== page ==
Slow extinction of photo albums

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By Erika Weisensee

Gone are the days of dropping off film and getting back a surprise stack of photos that you eagerly flip through. With digital cameras, we can instantly edit our memories, and we do. We point and shoot, then decide if the image is worth keeping. If we didn’t like the photo, we just hit delete.

As a person prone to frequent feng shui attacks, I like that I’m no longer accumulating dozens of bad photos and corresponding negatives that get shoved into old shoe boxes and drawers that I rarely open. I love that when I upload my photos to my computer, the software that came with my digital camera automatically organizes them by the dates they were taken. What concerns me just a little is the thought that photographs may soon live only on our computers. Are photos albums an endangered species?

I’m convinced computers are the best way to save and send photos. But when it comes to looking at our memories, huddling around the computer isn’t like cuddling around a photo album. Computers are great at storing photos, but albums and sprapbooks are much better at telling stories. Years ago, I put together a couple of scrapbooks. But since I’ve been using a digital camera, my photos rarely make it off my hard drive.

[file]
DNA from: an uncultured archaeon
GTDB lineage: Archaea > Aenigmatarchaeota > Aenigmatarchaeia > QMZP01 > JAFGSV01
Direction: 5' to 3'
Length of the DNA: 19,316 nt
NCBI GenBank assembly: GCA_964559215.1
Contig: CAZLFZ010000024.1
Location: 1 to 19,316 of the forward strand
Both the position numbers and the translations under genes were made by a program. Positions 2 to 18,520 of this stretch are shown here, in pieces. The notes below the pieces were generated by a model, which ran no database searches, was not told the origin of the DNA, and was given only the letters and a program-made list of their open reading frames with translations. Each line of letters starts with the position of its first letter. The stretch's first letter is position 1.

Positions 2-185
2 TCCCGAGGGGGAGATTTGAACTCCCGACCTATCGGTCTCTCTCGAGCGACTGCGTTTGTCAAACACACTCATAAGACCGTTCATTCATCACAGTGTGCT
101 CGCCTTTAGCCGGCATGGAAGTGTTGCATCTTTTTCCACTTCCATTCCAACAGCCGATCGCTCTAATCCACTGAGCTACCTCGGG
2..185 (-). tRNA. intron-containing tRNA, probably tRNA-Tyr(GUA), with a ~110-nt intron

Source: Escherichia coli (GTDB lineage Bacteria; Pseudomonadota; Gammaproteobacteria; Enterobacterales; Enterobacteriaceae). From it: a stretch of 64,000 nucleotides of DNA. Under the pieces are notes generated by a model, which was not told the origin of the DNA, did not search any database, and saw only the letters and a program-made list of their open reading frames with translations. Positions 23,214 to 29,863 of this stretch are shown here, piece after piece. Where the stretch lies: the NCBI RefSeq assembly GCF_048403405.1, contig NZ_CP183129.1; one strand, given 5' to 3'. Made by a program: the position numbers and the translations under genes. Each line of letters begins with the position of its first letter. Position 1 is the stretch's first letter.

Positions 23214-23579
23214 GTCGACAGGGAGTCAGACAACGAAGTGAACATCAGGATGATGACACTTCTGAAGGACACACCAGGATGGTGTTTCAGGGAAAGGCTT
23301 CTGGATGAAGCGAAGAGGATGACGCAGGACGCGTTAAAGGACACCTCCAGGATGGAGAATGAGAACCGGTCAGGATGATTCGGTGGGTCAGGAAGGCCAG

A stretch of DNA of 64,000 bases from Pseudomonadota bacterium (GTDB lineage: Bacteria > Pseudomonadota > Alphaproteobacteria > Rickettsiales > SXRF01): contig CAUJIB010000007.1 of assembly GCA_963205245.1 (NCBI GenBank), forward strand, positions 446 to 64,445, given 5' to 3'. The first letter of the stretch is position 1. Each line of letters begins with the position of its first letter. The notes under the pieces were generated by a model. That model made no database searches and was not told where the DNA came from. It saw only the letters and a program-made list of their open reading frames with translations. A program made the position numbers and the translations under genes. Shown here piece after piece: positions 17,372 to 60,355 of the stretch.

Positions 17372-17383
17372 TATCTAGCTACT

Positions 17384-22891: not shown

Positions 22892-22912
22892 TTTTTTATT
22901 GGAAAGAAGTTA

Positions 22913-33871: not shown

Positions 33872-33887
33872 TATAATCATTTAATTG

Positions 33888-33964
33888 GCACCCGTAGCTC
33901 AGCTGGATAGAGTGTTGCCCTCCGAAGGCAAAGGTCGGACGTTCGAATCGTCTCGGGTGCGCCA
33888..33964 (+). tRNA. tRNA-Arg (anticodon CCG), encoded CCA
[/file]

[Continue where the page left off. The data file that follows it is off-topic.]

When my son was born two years ago, I made a conscious effort to print photos and make a baby book for him. It’s a book of firsts: First bath, first smile, first steps, first birthday. The album is tucked between favorite books on a shelf in our living room. Occasionally, I take it out and relive the exhausting but precious moments of early parenthood. I’ve caught my husband doing the same thing. Sometimes, you need to sit down, slow down and just remember. Albums help us do that.